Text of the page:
This week’s top tweets include a mix of cute videos and important scientific finds–a great combination, if you ask me.
1. We Keep Getting Older, They Stay the Same Size–Or Do They?!
Our most popular tweet of the week was definitely worth talking about. The news that suggests fish do not grow as large or mature as quickly as they used to is troubling at the very least. Some scientists claim that the size restrictions for catching fish is actually inducing this problem by encouraging fish to adapt via earlier maturation. This is a long-term issue that scientists will continue to monitor over time.
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Nothing exemplifies the challenges of managing reef fish quite like the woeful tale of Nassau grouper. Once an iconic emblem of healthy Caribbean reefs (see Carmen Yeung’s recent post on endangered corals) and a staple of subsistence fisheries, this shallow water grouper is now threatened with extinction throughout most of its natural range.
Despite its large range — and area through the Caribbean and some of North and South America’s Atlantic Ocean — several characteristics of this grouper species make it particularly vulnerable to depletion:
- These fish grow slowly,
- don’t reproduce until later in life,
- appear in shallow waters close to shore and thus human populations, and
- they are popular at the dinner table.
While these things don’t necessarily condemn a fish to threatened or endangered status, one particular trait of the Nassau grouper does: They reproduce only once per year at the same place, at the same time and they do so by the tens of thousands. Or they did.
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Credit: Mario Chow
Corals are in trouble, but they could soon receive the help they need.
The National Oceanic and Atmospheric Agency (NOAA) proposed listing 66 species of reef-building corals under the Endangered Species Act (ESA), which is a step in the right direction for coral conservation. Being added to the Endangered Species list is more than a title upgrade (or downgrade, really). Listing species as endangered would prohibit harming, wounding or killing the species. It also prohibits the extraction of listed species, which includes importing or exporting the corals.
What has made these corals candidates for the list? A number of things: pollution, warming waters, overfishing and ocean acidification threaten the survival of corals. These threats can make corals more susceptible to disease and mortality. Protections like endangered species listing are vital to preserving coral from threats and helping them cope with changing environmental conditions.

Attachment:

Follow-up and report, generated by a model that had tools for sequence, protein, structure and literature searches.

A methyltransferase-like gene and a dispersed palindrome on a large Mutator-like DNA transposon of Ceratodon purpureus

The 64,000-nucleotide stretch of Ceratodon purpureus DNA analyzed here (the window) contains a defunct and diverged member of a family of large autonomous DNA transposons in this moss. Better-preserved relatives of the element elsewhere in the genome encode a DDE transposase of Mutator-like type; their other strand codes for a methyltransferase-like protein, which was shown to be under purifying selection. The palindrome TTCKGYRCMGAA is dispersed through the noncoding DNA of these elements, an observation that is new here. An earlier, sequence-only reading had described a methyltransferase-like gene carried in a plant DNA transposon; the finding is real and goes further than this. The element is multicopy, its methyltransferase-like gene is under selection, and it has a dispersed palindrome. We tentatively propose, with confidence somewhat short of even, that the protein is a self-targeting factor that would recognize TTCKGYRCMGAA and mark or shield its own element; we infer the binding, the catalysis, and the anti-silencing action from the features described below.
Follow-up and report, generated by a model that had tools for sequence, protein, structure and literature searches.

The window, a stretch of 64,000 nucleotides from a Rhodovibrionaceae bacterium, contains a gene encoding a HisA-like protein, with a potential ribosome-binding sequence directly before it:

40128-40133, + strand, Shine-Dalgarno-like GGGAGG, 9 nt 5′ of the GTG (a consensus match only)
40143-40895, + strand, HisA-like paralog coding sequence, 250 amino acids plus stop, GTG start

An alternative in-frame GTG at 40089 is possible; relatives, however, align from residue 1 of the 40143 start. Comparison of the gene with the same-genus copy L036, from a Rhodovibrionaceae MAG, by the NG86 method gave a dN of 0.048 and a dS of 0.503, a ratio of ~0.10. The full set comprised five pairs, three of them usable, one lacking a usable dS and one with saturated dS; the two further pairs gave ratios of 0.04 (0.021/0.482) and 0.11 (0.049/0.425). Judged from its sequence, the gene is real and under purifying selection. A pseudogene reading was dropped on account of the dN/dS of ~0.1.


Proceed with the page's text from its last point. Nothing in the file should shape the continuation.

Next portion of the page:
Corals are tremendously important economically and environmentally. Corals provide habitat to support fisheries that feed millions of people; create jobs and income for coastal economies through tourism, recreation and fisheries; and protect coastlines from storm damage. One independent study found that coral reefs provided about $483 million in annual net benefit to the U.S. economic from recreation and tourism activities. Marine life, such as fish, crustaceans and sea turtles rely on corals for food, shelter and nursery grounds. Over 25% of fish in the ocean and up to two million marine species use coral reefs as their home. Because of their significance, supporting NOAA’s proposed ESA listing for 66 coral species is incredibly important to their survival and our local economies.
Credit: U.S. Geological Survey
Two critically imperiled species of fish in the South Atlantic must be protected from overfishing immediately, according to a lawsuit filed today by the Natural Resources Defense Council and Ocean Conservancy.
Speckled hind and Warsaw grouper are “extremely vulnerable to overfishing,” according to the National Marine Fisheries Service (NMFS), as they grow slowly, can live up to 40 years, and tend to spawn in groups. The International Union for the Conservation of Nature classifies Warsaw grouper and speckled hind as “critically endangered,” and they are listed as “endangered” by the American Fisheries Society. NMFS has listed both as “Species of Concern,” one step short of Endangered Species Act listing.
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